"Hey, Mike– guess what."


"I love you."

Eventually, all that was needed was "Guess what…?"

Pop used to say that his own father never had much time for him, and he wanted to make sure he always had time for me, and that I was sure he loved me.


All the terrible things that marked me growing up were regrettable. But my father was never malicious. He did try. He did his best with what he had himself been given in life. My father was not a monster; he was, as my mother used to describe, "a beautiful man with an ugly disease." He certainly had his moments. Many, in fact. Yes, there were good times, too.


I miss him.





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Happy Mother's Day

The day my mother died was a perfectly ordinary day. The world didn't care, nor did it even take notice. It went on, being all sunny and pleasant. It never bothered to stop, or even pause in its rotation. The sun did not hide its countenance, nor did the earth tremble. The only ones to suffer were her husband, her sister, her children, and her close friends. My mother died in 2014. I loved her very much—what son doesn't love his mother, after all? My adult relationship with her was nevertheless complicated—again, what son's isn't?

When I found out that my mother was dying, I had been training at Hanshi's dojo. I received a message form my kid brother that the previous evening, she was unresponsive when her husband tried to rouse her to go up to bed after she'd fallen asleep in her chair.

He gave her a dose of insulin, in case there was a question of her having fallen into a diabetic coma. However, she still did not wake. At least, not to the point of alertness. So, paramedics were called.

They laid her on a stretcher to take her out to the ambulance. She was alert enough to struggle against them. But when she was on her back, she apparently vomited and aspirated it, cutting off her oxygen. It had been estimated that she was choking for four to ten minutes. Although she was still alive by the time she reached the hospital, it was only in the technical sense. She was already brain-dead. One of the classic signs, which even I recognized when I saw her later at the hospital, was her wildly fluctuating body temperature, as her brain could no longer maintain a stable core temperature. Only her autonomous functions were still working, and even then, she had to be intubated and connected to a respirator.

The doctors kept her going for about two weeks, as they tried to eliminate any other possible causes for her condition, hoping that she might recover.

But eventually, the family sat down together, and we decided that it was time to let her go.

I have heard it said in various ways, and in various media, that you should call your mother now while she is sill alive, so that you can let her know that you love her and care about her. That if you did not, you would come to regret it when she passes away, your chances gone forever. This is not true for me.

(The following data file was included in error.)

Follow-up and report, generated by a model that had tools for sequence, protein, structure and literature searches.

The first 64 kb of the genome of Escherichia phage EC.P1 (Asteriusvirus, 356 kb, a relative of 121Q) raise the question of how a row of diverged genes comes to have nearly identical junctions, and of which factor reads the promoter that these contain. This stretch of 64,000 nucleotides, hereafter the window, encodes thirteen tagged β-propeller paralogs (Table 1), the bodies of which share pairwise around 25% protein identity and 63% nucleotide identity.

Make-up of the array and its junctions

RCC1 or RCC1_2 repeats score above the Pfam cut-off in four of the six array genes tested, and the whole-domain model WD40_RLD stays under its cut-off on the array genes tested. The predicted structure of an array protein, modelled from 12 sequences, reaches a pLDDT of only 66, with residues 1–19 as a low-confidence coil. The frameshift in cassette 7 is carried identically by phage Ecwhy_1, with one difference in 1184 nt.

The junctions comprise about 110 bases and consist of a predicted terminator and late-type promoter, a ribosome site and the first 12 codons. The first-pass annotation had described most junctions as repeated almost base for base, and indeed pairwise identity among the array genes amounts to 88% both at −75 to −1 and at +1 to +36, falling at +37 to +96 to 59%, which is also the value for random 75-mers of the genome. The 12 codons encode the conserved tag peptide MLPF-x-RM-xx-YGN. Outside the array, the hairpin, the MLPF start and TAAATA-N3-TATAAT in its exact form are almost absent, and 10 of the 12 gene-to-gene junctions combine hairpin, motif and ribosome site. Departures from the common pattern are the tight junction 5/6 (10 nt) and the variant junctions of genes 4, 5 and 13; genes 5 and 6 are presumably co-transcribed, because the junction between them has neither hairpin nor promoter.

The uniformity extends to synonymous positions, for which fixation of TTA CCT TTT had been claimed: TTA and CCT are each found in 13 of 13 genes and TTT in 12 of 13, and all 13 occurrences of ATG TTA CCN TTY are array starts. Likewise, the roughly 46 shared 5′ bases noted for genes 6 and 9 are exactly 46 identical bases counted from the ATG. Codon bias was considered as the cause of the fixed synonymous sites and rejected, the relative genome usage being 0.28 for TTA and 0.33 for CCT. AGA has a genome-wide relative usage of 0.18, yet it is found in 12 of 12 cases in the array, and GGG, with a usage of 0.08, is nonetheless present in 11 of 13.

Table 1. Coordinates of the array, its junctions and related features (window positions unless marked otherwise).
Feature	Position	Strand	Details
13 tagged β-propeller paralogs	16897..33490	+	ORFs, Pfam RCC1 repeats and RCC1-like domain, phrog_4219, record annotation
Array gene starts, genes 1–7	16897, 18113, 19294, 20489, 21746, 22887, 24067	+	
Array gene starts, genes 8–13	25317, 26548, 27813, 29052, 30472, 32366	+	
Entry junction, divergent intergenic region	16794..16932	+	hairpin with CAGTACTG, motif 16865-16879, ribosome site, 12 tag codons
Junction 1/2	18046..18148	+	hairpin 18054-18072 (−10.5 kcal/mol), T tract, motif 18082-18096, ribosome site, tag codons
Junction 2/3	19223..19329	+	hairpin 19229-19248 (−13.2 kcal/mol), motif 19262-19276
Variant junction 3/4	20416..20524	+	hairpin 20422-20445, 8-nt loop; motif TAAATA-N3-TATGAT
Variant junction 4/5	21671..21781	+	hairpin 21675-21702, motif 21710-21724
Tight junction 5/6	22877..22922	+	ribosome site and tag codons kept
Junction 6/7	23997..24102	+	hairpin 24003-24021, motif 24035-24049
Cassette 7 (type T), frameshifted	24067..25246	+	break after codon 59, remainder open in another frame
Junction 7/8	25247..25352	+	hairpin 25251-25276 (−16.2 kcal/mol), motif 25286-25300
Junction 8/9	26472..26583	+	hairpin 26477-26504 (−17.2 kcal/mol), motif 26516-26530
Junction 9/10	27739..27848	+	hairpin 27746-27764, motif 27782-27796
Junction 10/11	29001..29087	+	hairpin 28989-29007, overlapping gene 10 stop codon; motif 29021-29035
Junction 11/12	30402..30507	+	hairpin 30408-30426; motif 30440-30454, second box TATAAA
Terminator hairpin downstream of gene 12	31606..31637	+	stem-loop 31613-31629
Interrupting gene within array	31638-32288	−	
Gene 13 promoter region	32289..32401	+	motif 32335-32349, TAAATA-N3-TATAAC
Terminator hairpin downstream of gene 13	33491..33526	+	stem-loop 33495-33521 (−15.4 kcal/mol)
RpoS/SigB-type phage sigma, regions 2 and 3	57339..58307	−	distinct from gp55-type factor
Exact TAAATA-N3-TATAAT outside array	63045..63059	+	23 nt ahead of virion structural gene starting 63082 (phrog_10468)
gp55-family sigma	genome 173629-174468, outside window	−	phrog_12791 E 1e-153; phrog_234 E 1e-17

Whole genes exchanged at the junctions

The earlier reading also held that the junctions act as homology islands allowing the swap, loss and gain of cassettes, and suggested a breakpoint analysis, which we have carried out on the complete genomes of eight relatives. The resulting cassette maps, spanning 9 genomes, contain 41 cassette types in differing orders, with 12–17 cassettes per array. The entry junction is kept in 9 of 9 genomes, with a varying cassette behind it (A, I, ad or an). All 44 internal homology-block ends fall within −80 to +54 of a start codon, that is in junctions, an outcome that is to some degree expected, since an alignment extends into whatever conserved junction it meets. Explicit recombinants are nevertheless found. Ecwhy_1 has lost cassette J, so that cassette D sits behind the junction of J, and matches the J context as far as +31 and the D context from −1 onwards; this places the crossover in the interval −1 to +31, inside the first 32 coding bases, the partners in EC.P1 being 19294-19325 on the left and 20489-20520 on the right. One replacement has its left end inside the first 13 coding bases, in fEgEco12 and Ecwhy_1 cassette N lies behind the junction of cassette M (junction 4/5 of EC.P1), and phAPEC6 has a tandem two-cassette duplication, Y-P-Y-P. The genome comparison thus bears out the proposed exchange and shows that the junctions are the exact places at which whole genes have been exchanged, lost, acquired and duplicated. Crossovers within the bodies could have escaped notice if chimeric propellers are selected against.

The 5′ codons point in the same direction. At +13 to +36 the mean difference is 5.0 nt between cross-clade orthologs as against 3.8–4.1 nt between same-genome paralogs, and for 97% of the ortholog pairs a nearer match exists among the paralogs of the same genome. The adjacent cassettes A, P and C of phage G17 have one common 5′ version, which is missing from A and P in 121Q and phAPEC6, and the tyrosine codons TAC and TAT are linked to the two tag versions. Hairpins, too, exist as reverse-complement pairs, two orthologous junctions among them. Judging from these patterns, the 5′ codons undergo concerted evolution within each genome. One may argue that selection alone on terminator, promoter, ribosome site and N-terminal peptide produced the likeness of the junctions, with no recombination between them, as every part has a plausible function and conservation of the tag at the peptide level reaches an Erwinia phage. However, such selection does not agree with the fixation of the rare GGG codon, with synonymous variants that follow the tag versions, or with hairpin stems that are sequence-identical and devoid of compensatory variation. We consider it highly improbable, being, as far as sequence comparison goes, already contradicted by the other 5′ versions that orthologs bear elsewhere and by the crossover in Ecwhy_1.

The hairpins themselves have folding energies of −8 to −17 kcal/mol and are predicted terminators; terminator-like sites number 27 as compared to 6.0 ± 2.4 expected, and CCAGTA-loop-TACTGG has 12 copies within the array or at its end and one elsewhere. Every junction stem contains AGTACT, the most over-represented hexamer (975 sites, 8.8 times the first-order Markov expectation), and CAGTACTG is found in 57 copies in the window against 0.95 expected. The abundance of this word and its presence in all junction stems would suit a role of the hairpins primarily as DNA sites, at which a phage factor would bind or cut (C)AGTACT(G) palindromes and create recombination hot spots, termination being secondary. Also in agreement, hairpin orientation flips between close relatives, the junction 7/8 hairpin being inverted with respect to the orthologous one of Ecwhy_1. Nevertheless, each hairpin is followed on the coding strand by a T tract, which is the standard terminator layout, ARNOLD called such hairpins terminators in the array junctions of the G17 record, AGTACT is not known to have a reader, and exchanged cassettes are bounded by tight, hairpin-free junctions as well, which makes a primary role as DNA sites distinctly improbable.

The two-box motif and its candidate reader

Over the last five or ten years of my mother's life, I studiously avoided calling her. Ever since the financial collapse of 2008, I had been struggling financially and emotionally, as many of us had been. And about the state of the world in those days, the less said, the better. It seemed that every time I called my mother, there was so little real news that our conversations degenerated into extended kvetching sessions. And after a while, I decided that I did not want to remember my mother in such a way, constantly complaining and commiserating.

What does sadden me is that now, at a time in my life when I can again support myself comfortably (for now), and can claim some little personal success as a published author (albeit a self-published one), I cannot share this with her. All those years, I could tell her what was going wrong, and pour out my bitterness and sadness; but now that there is something not entirely awful to share, something that she might have taken some pleasure in hearing, or even—dare I say—pride—that opportunity no longer exists. And will never come again.

As an adult, I remember watching my mother grow ever older, and more frail, gaining weight that she could not support on her small frame, illnesses of senescence descending upon her.

Often, her birthday gifts to me seemed to indicate that she didn't really know me. Of course, whose fault was that? My own. But I simply could not bring myself to talk with her when there was nothing to talk about except how awful things were. We both suffered for that, I'm sure.

When I was very young, I loved to play "Star Trek." Around the block from my grandparents' house was a school—Toby Farms Elementary School. There had been a particular set of monkey bars with an internal platform midway up the structure, about two meters off the ground. That was my Starship Enterprise set. I was Mr. Spock. Grammom was Captain Kirk, and Grandad was Dr. McCoy—He usually stayed home when Grammom took me out to play, so he was always down in Sick Bay, while I was on the bridge.

But I would never include my mother in this fantasy-play of mine. My grandmother once asked me who my mother would be, when I was assigning roles, and I refused to allow her to join, even though she was never there for those play sessions. Mommy was only allowed to be Mommy. She couldn't be anyone else. She had to be Mom for me.

My earliest memories are not altogether pleasant ones, in case you hadn't noticed by now. I remember having regular night-terrors all my life until about age six. They would wake me from a dead sleep, and send me scampering to my mother's bed, where I would jump in and cower against her. She was my rock and my shelter in those days.